Official: Wolf to boost wages for state workers, contractors

Gov. Tom Wolf

HARRISBURG (AP) – Democratic Gov. Tom Wolf was expected to sign an executive order Monday ensuring a minimum wage of $10.15 an hour for all employees under his jurisdictions and employees of Pennsylvania state government contractors.

An administration official would not give any other details about the order the Wolf is set to sign Monday. The official spoke to The Associated Press on condition of anonymity because the official was not authorized to publicly discuss the subject before Wolf’s announcement.

In any case, the Republican-controlled Legislature has shown no inclination to raise the state’s minimum wage above the federal minimum of $7.25, one of the lower levels in the nation. The executive order could be the most progress Wolf is able to achieve on the subject, given the partisan gridlock that has gripped the Capitol in the past year.

The administration official would not say before Wolf can discuss it how many people would benefit, or how much it would cost the state government. Currently, the Pennsylvania state government directs more than $70 billion a year – potentially above $80 billion a year soon – in state and federal dollars.

It was unclear whether it could potentially apply to current or just future contracts, and whether the order could include schools, universities, hospitals, insurers and other organizations that receive billions of dollars in education or Medicaid subsidies. It also was unclear whether it would include the billions of dollars that go to road construction work, or their numerous subcontractors.

Steve Crawford, a chief of staff to former Gov. Ed Rendell, said it would likely be a provision that is inserted into future contracts. Crawford said he expected that subsidy-receiving organizations, like schools and hospitals, would not be affected and that many contractors, such as those doing road work or information technology, already pay above the minimum wage.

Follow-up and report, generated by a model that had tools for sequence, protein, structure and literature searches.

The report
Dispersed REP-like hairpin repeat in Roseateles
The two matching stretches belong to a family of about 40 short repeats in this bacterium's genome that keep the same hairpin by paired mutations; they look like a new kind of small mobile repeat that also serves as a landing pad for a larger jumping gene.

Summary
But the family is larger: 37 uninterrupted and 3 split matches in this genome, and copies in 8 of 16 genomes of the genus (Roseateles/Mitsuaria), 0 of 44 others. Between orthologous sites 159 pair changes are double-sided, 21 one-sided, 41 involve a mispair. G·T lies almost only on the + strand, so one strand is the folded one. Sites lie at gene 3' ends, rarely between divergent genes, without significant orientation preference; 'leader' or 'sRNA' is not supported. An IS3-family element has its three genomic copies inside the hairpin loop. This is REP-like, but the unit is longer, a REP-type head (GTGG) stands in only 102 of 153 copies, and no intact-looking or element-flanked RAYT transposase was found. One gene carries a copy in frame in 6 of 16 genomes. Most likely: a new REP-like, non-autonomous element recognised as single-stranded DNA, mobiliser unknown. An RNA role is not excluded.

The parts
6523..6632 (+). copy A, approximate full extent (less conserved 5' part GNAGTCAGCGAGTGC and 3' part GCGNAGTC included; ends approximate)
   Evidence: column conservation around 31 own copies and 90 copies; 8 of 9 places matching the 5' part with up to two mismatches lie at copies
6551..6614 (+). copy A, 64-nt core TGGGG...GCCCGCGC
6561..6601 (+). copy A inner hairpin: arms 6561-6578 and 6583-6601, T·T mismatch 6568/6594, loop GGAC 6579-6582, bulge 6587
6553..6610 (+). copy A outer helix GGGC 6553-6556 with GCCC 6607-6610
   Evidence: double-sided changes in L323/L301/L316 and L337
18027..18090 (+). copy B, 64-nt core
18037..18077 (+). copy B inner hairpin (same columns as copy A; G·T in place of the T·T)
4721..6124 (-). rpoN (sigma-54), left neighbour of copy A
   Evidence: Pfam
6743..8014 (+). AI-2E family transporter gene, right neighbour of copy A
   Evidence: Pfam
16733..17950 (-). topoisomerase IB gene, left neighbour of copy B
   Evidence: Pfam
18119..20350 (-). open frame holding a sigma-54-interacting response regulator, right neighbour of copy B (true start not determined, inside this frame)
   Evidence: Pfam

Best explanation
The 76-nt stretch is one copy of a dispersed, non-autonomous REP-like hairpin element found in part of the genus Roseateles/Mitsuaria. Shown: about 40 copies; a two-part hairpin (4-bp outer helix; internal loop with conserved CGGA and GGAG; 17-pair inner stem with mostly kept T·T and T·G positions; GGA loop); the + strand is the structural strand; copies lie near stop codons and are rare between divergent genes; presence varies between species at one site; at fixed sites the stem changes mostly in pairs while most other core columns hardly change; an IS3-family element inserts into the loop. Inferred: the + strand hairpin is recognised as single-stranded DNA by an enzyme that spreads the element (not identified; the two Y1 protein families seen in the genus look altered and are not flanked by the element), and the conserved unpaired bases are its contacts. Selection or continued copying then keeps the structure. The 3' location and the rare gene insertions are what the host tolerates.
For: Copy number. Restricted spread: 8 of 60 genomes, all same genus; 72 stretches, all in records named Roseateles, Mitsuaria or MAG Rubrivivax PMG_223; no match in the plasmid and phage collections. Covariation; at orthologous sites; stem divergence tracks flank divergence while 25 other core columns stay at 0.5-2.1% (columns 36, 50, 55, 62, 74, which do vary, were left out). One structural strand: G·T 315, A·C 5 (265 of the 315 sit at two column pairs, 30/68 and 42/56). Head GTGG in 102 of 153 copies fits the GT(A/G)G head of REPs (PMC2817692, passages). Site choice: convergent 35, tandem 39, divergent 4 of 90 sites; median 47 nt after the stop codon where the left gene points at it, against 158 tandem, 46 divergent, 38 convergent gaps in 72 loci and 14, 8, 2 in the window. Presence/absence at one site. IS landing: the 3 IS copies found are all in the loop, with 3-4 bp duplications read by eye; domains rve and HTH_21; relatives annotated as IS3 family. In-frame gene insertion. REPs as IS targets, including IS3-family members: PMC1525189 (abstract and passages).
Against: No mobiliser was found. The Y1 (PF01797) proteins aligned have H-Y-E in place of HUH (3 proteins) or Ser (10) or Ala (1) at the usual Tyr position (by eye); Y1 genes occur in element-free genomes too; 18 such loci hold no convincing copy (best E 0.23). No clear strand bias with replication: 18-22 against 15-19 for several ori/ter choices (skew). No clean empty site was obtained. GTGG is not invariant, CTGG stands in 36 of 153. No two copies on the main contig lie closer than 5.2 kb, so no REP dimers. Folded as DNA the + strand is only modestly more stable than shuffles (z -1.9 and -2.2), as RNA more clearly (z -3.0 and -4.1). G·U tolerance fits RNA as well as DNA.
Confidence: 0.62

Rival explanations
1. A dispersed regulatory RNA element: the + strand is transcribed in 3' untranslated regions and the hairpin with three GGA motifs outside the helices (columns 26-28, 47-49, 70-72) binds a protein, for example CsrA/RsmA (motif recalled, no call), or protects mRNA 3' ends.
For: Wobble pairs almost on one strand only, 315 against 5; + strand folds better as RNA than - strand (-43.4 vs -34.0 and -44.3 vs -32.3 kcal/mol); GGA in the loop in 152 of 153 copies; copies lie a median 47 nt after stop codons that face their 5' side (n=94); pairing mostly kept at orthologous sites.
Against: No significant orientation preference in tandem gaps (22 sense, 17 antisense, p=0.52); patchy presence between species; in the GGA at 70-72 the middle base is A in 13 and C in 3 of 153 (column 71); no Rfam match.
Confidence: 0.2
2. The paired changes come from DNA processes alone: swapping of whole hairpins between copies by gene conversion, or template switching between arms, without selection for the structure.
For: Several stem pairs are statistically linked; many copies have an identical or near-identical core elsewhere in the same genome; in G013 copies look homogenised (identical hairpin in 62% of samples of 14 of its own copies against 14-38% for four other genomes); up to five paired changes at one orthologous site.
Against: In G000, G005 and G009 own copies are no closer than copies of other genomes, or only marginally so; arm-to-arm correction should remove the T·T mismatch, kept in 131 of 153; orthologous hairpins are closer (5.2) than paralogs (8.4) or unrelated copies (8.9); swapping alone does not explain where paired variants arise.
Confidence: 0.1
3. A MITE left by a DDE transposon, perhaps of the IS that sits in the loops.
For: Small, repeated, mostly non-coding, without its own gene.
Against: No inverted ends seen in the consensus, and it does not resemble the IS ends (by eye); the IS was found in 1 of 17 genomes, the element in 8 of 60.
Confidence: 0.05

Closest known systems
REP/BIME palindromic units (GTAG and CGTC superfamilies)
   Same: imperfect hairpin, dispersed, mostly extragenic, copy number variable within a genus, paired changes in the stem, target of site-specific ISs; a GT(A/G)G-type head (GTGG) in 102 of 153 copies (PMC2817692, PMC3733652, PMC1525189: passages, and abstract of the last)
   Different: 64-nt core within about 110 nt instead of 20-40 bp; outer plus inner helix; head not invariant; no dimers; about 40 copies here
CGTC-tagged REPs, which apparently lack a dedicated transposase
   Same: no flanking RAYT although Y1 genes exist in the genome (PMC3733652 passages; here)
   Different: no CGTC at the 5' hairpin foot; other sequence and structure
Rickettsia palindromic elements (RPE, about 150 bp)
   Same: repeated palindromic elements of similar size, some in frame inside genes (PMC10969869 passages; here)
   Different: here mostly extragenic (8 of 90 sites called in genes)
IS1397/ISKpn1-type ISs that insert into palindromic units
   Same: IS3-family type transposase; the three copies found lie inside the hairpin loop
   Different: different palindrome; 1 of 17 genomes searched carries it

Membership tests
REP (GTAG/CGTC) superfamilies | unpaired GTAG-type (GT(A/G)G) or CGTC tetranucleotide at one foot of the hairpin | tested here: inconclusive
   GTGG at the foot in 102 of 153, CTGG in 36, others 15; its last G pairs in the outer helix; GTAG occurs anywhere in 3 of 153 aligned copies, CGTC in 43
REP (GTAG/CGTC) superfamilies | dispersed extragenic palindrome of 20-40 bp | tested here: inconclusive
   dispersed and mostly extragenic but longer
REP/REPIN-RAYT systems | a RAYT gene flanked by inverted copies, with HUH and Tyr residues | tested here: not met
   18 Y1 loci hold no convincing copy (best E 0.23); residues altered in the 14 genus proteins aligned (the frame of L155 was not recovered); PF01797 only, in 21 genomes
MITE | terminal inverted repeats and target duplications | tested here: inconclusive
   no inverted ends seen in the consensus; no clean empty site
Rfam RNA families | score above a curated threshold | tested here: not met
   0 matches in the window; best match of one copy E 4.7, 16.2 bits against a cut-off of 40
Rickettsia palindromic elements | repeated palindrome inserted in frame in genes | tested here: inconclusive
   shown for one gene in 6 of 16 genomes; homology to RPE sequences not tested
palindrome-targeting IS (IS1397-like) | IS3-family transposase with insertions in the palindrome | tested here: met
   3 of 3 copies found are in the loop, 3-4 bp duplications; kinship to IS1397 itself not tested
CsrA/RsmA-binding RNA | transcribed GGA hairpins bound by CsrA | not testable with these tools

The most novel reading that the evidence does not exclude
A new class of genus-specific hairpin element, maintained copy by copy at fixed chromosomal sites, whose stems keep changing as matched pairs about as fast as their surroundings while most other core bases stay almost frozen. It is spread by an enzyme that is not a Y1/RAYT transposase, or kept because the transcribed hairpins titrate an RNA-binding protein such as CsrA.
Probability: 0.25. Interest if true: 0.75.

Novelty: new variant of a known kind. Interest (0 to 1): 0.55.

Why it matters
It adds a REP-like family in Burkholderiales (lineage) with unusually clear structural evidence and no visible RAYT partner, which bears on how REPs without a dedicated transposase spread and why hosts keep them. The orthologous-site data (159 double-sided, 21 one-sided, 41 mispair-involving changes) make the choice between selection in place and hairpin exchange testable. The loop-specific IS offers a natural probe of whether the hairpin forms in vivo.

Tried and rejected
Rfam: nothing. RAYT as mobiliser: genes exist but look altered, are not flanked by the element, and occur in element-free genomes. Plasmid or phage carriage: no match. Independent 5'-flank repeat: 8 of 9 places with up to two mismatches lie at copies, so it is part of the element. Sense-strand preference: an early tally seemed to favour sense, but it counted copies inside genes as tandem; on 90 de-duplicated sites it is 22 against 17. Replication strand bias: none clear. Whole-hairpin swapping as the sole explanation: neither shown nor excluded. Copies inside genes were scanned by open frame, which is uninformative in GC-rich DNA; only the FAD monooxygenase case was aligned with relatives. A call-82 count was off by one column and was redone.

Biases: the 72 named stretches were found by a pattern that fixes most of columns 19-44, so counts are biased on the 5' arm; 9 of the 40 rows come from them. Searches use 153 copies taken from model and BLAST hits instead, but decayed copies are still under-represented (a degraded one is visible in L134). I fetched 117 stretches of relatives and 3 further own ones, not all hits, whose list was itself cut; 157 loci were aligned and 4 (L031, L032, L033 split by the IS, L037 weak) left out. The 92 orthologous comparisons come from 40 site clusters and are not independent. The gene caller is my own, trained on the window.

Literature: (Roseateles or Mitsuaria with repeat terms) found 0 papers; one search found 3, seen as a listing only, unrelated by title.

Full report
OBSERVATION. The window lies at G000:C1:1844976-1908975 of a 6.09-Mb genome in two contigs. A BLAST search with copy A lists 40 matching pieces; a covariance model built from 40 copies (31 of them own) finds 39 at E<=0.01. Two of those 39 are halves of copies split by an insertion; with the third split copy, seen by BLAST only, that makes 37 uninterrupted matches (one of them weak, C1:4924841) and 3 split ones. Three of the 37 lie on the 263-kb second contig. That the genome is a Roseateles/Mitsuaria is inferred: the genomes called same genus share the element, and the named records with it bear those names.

“I don’t see it having a large-scale, detrimental effect on people who do business with the state,” Crawford said Sunday.

One effect of Wolf’s order could also be to raise the entire pay scale in state government contractors.

Since becoming governor last year, Wolf has asked the Republican-controlled Legislature to raise Pennsylvania’s $7.25 minimum wage to above $10, and to tie it to the inflation rate to maintain its buying power. However, Republican lawmakers are not warm to the idea and business advocacy groups oppose it.

The subject, like many others, has taken a backseat to the partisan spending and tax battles that have engulfed Wolf and state lawmakers, and brought gridlock unlike any seen in decades in Harrisburg. Wolf’s move might be similar to one by President Barack Obama in 2014, when he signed an executive order requiring federal contractors to pay their workers at least $10.10 an hour.

Pennsylvania is lumped in with 20 other states that, as of Jan. 1, had minimum wages at the federal minimum wage of $7.25 per hour, according to the National Conference on State Legislatures and the National Employment Law Project. Twenty-nine states and Washington, D.C., have raised their minimums above the federal minimum. Those states include every single neighbor of Pennsylvania.

Meanwhile, some states that already have higher minimum wages are raising theirs, or considering it.